No embed, FB link.

27 Jun 2016

Hunting From the Other Side

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CharlesFoster

Charles Foster is a modern incarnation of the madly eccentric British naturalist, traveller and explorer. He teaches Medical Law & Ethics at Oxford, is a Barrister, and is a qualified veterinary surgeon.

In his latest book, Being a Beast: Adventures Across the Species Divide, Foster has a go at living as a badger, an otter, an urban fox, a red deer and a swift. Frank Buckland would be proud.

Outside Magazine excerpts Foster’s account of being hunted, like a red deer, by one of Britain’s bloodhound packs.

I was behaving very much like a hunted deer. My adrenals were pumping out cortisol and adrenaline. The cortisol made me taut. (The next day its immunosuppressive effect threw open the drawbridge of my throat to an invading virus.) Blood was diverted from my gut to my legs. Though I was slumping from the effort, I’d stop from time to time, hold my head up high, and reflexively sniff. If I’d had mobile ears they’d have pricked and swiveled. Though I looked for water, as deer do, to cool me and to send my scent spiraling away, I ran on the driest ground I could find. I knew (from well before birth, rather than because I’d read books and watched hounds) that dry earth doesn’t hold scent well, or, if it holds it, hugs the particles close, leaving few for snuffling noses.

Unlike a deer, though, I longed to be out of the wood. It’s often very difficult for staghounds to push deer into the open. Sometimes it takes hours. The deer double back, lie flat in deep cover, and saber-rattlingly confront hounds rather than breaking out.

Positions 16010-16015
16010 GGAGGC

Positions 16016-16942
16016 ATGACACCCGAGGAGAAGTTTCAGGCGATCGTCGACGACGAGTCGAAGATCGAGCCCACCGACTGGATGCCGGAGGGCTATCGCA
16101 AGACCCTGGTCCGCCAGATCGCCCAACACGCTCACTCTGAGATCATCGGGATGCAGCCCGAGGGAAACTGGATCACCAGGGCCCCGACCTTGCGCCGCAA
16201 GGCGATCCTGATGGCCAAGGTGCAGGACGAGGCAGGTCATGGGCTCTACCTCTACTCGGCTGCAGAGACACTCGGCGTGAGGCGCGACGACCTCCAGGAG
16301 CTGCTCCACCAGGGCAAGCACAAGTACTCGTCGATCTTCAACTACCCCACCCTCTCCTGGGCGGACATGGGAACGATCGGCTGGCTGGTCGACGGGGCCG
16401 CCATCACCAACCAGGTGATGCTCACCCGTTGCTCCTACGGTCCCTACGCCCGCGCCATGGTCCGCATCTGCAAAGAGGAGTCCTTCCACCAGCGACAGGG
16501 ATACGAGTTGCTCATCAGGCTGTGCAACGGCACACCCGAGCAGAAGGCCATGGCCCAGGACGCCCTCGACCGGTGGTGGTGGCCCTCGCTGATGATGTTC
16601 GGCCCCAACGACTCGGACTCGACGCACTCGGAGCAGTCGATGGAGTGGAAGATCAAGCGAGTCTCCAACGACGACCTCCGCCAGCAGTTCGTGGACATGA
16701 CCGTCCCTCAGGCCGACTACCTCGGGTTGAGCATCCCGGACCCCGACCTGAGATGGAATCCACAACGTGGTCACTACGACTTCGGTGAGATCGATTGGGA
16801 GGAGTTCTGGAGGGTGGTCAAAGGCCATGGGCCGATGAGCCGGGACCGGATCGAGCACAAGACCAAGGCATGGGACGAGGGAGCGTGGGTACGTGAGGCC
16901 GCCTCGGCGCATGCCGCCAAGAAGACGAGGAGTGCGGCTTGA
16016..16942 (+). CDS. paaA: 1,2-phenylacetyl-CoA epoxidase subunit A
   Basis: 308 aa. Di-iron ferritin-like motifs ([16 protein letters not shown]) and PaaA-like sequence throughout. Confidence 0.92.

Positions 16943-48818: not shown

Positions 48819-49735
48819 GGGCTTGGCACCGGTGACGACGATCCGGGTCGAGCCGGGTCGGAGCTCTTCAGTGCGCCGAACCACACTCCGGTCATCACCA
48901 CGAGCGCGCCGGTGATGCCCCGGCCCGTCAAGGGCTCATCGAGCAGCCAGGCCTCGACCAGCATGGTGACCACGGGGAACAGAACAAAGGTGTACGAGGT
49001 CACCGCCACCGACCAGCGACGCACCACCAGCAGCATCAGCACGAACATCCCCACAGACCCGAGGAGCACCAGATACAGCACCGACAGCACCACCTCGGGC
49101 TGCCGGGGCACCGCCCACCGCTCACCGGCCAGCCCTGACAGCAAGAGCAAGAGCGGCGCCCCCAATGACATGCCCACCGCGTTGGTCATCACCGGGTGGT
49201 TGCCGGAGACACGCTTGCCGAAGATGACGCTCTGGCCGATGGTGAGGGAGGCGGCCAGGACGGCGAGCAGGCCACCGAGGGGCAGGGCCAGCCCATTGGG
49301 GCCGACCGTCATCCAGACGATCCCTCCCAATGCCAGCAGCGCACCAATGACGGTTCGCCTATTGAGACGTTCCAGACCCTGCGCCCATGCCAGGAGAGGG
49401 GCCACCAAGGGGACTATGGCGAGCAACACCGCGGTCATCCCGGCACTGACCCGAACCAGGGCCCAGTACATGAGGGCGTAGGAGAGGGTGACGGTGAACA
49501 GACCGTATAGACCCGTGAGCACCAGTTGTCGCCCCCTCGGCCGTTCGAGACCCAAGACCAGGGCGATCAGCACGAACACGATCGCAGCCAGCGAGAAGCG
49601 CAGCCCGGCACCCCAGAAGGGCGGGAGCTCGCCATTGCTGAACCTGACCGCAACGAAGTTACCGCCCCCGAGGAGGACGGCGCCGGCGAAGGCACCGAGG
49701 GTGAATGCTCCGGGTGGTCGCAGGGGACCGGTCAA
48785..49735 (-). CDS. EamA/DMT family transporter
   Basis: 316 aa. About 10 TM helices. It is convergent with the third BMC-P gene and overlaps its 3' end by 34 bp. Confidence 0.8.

It would have made sense for me to stay in the wood. Scent bounces off trees like balls in a pinball machine and eddies like the dark, curd-coated corners of the East Lyn River. It’s hard for even the most educated nose to read it there. Out in the open, there’s a slime trail of scent through the grass. It points in the direction of the prey.

My preference for the open was therefore strange. I suppose we want to die where we’ve evolved, just as an overwhelming majority of people say that they’d prefer to die at home.

Read the whole thing.

What can I say other than: “Lieu in, hounds! Hunt him up! Tear him and eat him!”?

05 Jun 2016

Hunt Saboteur to Master of Hounds

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MilesCooper

The Yorkshire Post describes Miles Cooper’s conversion from Hunt Saboteur and League Against Cruel Sports (LACS) activist to Field Sports participant and finally Master of Hounds.